Monzo Warned Of Ticketmaster Breach Months Before It Was Announced

One bank says it warned Ticketmaster about a malicious software breach that leaked the personal information of tens of thousands of customers months before the company alerted the public.

Last month, Ticketmaster U.K. revealed that it had identified malicious software on a customer support product, hosted by Inbenta Technologies, an external third-party supplier to Ticketmaster. The company says less than 5 percent of its global customers have been affected. Customers in North American have not been impacted.

“As soon as we discovered the malicious software, we disabled the Inbenta product across all Ticketmaster websites,” the company wrote in a post. “As a result of Inbenta’s product running on Ticketmaster International websites, some of our customers’ personal or payment information may have been accessed by an unknown third party.”

But Monzo, a mobile-only bank based in the U.K., revealed that it spotted signs of this breach back in early April and proactively replaced the cards of all Monzo customers who could have been affected as well as alerted Ticketmaster about the security issue. After 50 customers contacted the bank to report fraudulent transactions on their accounts, Monzo replaced their cards and started to investigate.

Natasha Vernier, head of financial crime for Monzo, wrote in a blog post, “Our Financial Crime and Security team noticed a pattern: 70 percent of the customers affected had used their cards with the same online merchant between December of last year and April this year. That merchant was Ticketmaster. This seemed unusual, as overall only 0.8 percent of all our customers had used Ticketmaster.”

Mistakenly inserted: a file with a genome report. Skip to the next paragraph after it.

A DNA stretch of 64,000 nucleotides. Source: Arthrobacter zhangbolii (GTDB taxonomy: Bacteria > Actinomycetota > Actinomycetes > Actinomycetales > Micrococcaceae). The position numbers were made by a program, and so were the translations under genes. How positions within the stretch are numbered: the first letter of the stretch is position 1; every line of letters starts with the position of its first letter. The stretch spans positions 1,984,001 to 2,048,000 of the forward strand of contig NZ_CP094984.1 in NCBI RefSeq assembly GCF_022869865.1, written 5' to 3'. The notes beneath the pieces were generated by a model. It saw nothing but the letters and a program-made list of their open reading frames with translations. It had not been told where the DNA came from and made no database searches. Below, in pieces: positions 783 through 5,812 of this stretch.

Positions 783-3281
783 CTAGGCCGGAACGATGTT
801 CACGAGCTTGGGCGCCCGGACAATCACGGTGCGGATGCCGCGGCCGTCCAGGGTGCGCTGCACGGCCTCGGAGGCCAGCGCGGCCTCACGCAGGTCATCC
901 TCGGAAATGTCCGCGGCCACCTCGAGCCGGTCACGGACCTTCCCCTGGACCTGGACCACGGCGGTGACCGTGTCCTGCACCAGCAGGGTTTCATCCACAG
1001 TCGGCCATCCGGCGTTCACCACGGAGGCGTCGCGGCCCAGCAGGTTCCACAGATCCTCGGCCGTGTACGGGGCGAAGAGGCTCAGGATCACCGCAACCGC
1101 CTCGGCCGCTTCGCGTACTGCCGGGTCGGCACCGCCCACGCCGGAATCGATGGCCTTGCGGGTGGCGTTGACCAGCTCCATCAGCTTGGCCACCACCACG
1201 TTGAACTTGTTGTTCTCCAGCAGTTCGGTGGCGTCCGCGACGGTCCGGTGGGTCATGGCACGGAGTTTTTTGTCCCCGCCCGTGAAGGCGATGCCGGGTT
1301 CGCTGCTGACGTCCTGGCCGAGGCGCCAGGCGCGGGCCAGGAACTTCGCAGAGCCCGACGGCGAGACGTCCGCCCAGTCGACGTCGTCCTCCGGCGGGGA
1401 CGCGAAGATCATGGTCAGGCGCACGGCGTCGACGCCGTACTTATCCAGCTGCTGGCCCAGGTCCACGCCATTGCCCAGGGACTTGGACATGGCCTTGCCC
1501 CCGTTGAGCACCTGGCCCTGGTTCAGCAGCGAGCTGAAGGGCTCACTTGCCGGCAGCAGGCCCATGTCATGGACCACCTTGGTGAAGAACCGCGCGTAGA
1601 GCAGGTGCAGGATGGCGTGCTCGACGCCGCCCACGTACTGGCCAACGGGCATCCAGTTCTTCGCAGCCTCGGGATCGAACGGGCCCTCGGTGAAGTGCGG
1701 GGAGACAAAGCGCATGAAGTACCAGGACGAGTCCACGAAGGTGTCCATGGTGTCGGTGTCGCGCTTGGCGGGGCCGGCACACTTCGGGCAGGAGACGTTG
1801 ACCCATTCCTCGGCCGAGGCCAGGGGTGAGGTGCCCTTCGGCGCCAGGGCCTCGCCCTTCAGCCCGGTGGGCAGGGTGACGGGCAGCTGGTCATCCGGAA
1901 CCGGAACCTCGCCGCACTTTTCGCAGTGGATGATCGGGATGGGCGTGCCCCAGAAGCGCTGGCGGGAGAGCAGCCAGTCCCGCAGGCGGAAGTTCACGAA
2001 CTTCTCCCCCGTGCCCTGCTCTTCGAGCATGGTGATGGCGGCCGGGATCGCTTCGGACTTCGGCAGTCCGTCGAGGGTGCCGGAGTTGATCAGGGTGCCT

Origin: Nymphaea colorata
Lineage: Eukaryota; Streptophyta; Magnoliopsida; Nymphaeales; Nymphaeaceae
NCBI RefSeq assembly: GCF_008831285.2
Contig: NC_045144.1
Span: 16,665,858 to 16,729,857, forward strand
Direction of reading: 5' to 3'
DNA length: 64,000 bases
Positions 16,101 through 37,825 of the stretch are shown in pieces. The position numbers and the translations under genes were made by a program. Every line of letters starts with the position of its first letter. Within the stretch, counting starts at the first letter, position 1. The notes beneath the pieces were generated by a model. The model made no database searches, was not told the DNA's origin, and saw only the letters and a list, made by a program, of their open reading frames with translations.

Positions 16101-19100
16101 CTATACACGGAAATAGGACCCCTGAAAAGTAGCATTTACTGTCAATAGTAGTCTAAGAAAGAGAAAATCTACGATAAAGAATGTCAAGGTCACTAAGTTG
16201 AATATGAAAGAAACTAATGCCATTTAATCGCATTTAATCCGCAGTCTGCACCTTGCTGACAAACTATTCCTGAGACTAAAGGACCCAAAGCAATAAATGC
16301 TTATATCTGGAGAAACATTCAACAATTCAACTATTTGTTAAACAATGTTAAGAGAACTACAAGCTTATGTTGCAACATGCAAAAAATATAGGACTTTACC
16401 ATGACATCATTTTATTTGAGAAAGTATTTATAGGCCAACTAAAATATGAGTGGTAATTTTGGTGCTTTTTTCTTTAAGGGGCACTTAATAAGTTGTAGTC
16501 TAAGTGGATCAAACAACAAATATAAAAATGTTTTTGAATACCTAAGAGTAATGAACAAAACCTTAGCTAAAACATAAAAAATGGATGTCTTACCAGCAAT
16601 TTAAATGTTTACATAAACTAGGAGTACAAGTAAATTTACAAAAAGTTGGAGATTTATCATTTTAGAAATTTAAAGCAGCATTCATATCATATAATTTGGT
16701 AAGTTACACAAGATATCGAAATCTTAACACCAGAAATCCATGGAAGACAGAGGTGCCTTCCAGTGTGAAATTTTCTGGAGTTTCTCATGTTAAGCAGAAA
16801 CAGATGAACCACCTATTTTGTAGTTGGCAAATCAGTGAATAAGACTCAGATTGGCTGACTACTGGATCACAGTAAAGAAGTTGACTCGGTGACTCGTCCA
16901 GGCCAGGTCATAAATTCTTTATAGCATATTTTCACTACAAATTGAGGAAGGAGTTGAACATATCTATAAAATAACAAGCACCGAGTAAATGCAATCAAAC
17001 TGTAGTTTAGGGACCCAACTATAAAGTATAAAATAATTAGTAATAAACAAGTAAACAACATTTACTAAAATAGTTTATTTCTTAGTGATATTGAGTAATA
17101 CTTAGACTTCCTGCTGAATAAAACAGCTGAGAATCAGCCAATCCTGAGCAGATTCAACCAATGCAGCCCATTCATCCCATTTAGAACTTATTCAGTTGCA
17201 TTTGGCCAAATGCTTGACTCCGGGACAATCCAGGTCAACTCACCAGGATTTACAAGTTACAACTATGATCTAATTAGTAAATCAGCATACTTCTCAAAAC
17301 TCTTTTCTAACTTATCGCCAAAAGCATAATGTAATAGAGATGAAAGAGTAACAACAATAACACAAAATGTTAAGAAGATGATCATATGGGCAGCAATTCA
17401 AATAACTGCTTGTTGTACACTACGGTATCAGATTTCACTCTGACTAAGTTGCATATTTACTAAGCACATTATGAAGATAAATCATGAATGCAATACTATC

In the following days, Monzo’s team reached out to other banks and the U.S. Secret Service to report their findings. On April 12, it reached out to members of Ticketmaster’s security team, who said they would investigate internally, but reported back to Monzo the following week that the team had found no signs of a breach.

Ticketmaster previously said that it did not identify the breach until June 23.

A Ticketmaster spokesperson said in a statement last week, according to Fortune“When a bank or credit card provider alerts us to suspicious activity, it is always investigated thoroughly with our acquiring bank, which processes card payments on our behalf. In this case, there was an investigation, but there was no evidence that the issue originated with Ticketmaster.”